Bestselling Acoustic & Classical Guitar Nuts in 2020
Greenten Classical Guitar Bridge Rosewood Pre-Slotted Bone Saddle Nut Replacement (1 Set)
- High quality sound and volume,Designed for Classical Guitars
- Package Include: Classical Guitar Saddle Nut and Bridge
- Saddle Length:79.9 mm/3.145 Inches,Thickness 2.93 mm/0.115 inches, Height:8.14-9.02 mm/0.32-0.355 inches
- Nut Length: 52.17 mm/2.054 Inches ,Thickness 5.96 mm/0.234 inches,Height 9.18 mm/0.361 inches
- Bridge Length: 18.5mm/7.25 inches,Width 30.3mm/1.193 inches
Cordoba C7-CE CD/IN Acoustic Electric Nylon String Classical Guitar
- Solid Canadian cedar top
- Indian rosewood back and sides
- Rosewood bridge and fingerboard
- Fishman Presys Blend electronics with onboard tuner
- Includes Cordoba gig bag
Guitar Bridge Saddle Nut Files Set - 13 Different Size Stainless Steel Needle Files with Circular Cross Section and 9 Pcs Sand Paper For Acoustic Guitar, Ukulele, Bass, Electric Guitar - Leomanor
Saliency Bone Saddle and Nut 2-in-1 Set for Classical Guitar (White)
- Material: durable buffalo bone, the bone bridge saddle nut set is much harder and will give better tone than the cheaper plastic parts.
- Saddle size (L*W*H): 3.15*0.12*0.35 inch / 80*3*9 mm.
- Nut size (L*W*H): 2.05*0.23*0.35 inch / 52*6*9 mm.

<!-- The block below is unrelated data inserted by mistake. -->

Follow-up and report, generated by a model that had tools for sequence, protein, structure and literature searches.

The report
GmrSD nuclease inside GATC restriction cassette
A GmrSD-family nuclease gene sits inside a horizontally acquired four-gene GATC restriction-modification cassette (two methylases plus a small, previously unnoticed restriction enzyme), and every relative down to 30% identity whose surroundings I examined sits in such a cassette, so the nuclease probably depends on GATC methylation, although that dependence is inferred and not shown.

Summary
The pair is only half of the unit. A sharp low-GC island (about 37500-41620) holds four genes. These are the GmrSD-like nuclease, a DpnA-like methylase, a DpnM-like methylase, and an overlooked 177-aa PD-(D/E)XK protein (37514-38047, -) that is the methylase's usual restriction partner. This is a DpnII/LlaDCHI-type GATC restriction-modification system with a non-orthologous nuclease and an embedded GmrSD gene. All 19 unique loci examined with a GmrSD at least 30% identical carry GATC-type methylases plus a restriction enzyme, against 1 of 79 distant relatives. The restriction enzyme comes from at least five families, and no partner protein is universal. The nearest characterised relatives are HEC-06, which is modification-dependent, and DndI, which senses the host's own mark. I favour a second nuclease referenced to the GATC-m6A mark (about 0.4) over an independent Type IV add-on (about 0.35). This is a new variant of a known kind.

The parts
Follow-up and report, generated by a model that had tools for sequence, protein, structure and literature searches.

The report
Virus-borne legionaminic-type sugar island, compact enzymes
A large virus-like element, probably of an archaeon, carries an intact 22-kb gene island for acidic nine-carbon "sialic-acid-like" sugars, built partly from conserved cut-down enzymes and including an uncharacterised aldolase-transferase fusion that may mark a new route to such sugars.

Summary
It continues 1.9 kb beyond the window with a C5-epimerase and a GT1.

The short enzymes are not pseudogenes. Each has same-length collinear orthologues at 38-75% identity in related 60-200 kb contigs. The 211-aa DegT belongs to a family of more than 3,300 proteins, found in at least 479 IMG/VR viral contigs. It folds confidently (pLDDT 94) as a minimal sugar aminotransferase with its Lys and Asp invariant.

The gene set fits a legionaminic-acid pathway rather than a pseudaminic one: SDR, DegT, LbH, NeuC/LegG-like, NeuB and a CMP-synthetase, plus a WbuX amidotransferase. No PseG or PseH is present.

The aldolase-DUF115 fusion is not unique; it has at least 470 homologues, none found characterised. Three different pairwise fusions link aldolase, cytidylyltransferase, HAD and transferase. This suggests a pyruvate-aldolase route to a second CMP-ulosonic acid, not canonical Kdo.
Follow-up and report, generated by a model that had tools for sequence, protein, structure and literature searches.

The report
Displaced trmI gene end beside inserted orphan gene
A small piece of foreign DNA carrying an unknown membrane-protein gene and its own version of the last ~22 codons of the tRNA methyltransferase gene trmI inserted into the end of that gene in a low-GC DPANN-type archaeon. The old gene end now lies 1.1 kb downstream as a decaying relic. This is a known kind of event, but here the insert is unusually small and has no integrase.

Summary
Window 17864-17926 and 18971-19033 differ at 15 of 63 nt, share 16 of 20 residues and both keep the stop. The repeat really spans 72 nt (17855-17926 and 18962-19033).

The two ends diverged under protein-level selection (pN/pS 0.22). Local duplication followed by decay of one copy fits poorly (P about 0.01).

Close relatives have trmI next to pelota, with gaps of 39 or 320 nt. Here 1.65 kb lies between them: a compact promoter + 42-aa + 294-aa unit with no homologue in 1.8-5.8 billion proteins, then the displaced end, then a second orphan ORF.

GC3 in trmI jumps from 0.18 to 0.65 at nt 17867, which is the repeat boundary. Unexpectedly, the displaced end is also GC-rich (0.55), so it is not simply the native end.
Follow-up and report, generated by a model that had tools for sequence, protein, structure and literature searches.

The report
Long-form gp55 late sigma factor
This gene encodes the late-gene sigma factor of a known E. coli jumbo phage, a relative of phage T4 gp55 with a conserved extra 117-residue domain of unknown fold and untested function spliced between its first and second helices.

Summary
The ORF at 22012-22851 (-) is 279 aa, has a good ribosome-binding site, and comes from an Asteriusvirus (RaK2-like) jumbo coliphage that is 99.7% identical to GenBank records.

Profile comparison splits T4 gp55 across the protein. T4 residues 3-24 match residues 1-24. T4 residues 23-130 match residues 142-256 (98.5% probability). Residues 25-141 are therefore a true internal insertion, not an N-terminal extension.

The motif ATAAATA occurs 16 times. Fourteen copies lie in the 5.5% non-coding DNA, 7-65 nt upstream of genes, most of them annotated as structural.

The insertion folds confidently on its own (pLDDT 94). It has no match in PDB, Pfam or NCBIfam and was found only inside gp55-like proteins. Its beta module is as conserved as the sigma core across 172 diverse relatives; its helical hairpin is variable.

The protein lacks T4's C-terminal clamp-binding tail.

- Great replacement bridge saddle and nut for your classical guitar.
- Its density and minimal porosity are features that yield good intonation and clarity.
Generic Bone Classical Guitar Nuts 52 x 6 x 9.2-8.7 mm Saddles 80 x 3 x 9.0-8.0 mm
- Nuts 52 x 6 x 9.2-8.7 mm
- Saddles 80 x 3 x 9.0-8.0 mm
Greenten Bone Blank Saddle Nut for Accoustic/Classical Guitar,1Set
- 100% Brand New and hight quantity
- Saddle Size: Length * Width * Height, 80 * 3 * 9mm, (3.149 * 0.118 * 0.354 Inch)
- Nut Size: Length * Width * Height, 52 * 6 * 9mm, (2.047 * 0.236 * 0.354 Inch)
- Natural, cattle bone,Exceptional hardness provides durability
- You can design yourself
Acoustic Guitar Bridge Pins & Saddle & Nut Black 2sets
- This item is sent from US,the estimated delivery time is about 3-5 days!
- Color: BLACK
- Material: ABS plastic
2 Sets Guitar Saddle and Nut, Jmkcoz 4PCS 6 String Acoustic Guitar Bone Nut Bridge Saddle
- Package include 2 Set (4pcs ) 6 String Guitar Saddle and Nut
- Guitar nut size: 43mm x 6mm x 8.5MM
- Guitar saddle size: 72mm x 3mm x 9mm
- Made of real bone, which provide better sound quality than plastic one